Disclosure: Cisco is a client of the author.
If you’re in the U.S., you’ve likely been thinking — as you await slow-to-arrive election results —that there must be a better way. We bank online, handle medical needs online, communicate online, run our businesses online, and now many of us in the US are sweating out the election online.
But we don’t vote online. That resistance to online voting is because there was a significant attempt to vote online nearly two decades ago, and it failed badly. The technology wasn’t ready.
Though it has improved, decision-makers still don’t trust technology. That’s where a significant effort by Cisco to bring technology into the government comes in. It’s called WebEx Legislate, and it showcases how the collaboration world is adjusting to the new pandemic normal.
The pandemic is driving politicians all over the world to abandon traditional in-person methods of collaboration. It’s helped demonstrate that consensus-building can be done through technology, which is better, faster, and often cheaper than the old in-person way of doing things. And it has showcased the evolution of collaboration platforms, especially those focused on verticals like healthcare and government to serve those markets better.
The maturing of collaboration
As a market matures, vendors typically focus on the unique aspects of vertical segments to improve customer loyalty, retention, and competitive prowess. Collaboration products are beginning to pivot, with Cisco blazing the trail initially with two offerings: the Webex-based Connected Solutions for Courts and Webex Legislate.
These two solutions are custom-tailored for their respective markets and focus on the unique needs of each segment. The Connected Solution For Courts cuts through the tangle of incompatible and often unreliable technology that plagues many courtrooms. And it helps safeguard participants’ health, while improving a judge’s ability to focus on the case and the attornies’ ability to use current assets to plead their cases best.
Cisco’s Webex Legislate offering is fascinating, in some respects, because until this pandemic, legislators didn’t appear to understand technology, let alone use it effectively. And they weren’t alone; most of the world’s governments seemed to be stuck in another century, blocking the use of laptops in favor of outdated flip charts and physical displays to make their points. Most became obsolete in the 1990s. (A lot of us stopped using that stuff in the 1980s.)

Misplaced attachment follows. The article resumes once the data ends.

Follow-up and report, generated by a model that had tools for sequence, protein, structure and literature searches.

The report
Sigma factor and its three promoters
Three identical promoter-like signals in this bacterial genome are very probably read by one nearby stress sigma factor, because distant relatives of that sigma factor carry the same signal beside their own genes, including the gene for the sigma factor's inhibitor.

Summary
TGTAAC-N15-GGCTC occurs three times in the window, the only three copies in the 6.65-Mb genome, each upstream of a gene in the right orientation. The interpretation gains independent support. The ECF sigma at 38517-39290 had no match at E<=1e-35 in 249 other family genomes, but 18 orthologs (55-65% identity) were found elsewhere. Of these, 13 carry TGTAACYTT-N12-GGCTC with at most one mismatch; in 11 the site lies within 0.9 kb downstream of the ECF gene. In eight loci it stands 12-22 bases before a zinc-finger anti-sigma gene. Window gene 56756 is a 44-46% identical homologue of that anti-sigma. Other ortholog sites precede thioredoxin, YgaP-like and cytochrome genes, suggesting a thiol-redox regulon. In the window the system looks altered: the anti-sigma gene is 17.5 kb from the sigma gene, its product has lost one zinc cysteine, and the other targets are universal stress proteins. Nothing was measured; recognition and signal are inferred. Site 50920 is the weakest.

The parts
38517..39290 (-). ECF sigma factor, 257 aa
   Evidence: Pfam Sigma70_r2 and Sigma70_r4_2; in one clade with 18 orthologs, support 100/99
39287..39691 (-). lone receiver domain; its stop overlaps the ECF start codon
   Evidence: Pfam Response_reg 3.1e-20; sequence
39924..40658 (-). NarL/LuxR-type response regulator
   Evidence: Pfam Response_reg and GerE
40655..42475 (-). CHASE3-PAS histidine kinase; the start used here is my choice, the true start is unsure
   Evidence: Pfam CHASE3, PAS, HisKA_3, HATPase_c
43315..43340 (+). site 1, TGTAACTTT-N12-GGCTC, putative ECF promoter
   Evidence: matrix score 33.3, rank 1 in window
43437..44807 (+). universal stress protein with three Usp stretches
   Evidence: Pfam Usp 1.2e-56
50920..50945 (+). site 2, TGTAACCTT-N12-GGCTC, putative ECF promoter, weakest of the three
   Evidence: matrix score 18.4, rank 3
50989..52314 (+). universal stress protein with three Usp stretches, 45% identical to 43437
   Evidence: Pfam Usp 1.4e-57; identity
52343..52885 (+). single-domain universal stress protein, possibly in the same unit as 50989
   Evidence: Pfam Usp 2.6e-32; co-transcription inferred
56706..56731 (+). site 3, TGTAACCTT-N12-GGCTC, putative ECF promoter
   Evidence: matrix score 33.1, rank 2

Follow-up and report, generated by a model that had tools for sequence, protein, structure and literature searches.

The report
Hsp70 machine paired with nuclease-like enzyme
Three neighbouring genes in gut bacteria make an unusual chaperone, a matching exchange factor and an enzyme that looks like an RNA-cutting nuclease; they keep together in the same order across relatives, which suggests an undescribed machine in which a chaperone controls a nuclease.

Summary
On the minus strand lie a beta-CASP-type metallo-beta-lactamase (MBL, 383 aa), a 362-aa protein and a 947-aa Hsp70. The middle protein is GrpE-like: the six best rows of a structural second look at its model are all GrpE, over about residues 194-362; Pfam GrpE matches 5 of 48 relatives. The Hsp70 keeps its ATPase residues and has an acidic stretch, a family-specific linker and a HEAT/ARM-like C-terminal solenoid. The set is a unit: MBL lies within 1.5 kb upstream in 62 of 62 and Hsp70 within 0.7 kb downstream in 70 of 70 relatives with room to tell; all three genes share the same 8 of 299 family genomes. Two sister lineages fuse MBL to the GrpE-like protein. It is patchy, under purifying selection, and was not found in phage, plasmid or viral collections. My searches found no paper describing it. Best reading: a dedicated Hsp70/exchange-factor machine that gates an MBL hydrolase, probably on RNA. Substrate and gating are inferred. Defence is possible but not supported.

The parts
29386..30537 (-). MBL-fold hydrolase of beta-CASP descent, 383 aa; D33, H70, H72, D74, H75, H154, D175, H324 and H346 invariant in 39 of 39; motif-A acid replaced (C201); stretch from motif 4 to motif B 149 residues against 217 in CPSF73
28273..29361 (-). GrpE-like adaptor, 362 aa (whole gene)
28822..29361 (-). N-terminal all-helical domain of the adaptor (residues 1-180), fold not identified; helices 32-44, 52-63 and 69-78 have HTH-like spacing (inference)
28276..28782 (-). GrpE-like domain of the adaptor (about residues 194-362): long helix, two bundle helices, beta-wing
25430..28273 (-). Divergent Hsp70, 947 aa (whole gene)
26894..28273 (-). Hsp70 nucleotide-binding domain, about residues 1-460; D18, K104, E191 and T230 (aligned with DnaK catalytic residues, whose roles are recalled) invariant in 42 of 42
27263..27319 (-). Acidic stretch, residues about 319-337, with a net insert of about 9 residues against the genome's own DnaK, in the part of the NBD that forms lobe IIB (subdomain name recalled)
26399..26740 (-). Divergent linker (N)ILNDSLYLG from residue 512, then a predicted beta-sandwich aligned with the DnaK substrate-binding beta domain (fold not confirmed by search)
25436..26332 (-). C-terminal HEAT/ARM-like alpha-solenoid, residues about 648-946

But working from home, avoiding travel, and staying healthy essentially forced them to reconsider technology and what it can do. I think this will lay a foundation for more significant changes to come.
Cisco Webex Legislate
Let’s focus on the Legislate tool; I had a deep dive into it this week. It takes the legislative process from an in-person function to one that can be done from any place in the world. This solution isn’t just crucial during a pandemic; legislators often have to campaign, appear at events, and engage with their constituents. But they generally can’t do any of that while at the Capital.
The tool allows for secure remote voting; it gives visibility into how peers are voting and provides a way to engage them on their decisions individually and securely. While the core technology supports real-time translation, governments tend to prefer living translators. Legislate integrates that function and allows the listener to blend the sound streams to better understand the speaker’s inflection and better feel the speaker’s passion — even when they don’t speak the same language.
It weaves in Lobbyist functions, too. They can be included when necessary, or allowed, but restricts their ability to disrupt the process.
Getting politicians to use technology has usually proved difficult all over the world. They tend to be older, and resistant to change. The pandemic changed that significantly, and lay the foundation for other potential changes such as voting online, which is arguably faster, safer, and more reliable — just like doing taxes, banking, or managing healthcare is today. Making voting more convenient, more secure, less disruptive, and more reliable could have a massively beneficial impact on democratic countries. Cisco’s efforts help lay the groundwork for that.
By focusing on vertical markets, vendors tend to create superior offerings for those verticals. In this case, Cisco may be addressing an even bigger issue: the lack of effective technology use in government. The result should be a better government. That’s something for which we would all vote.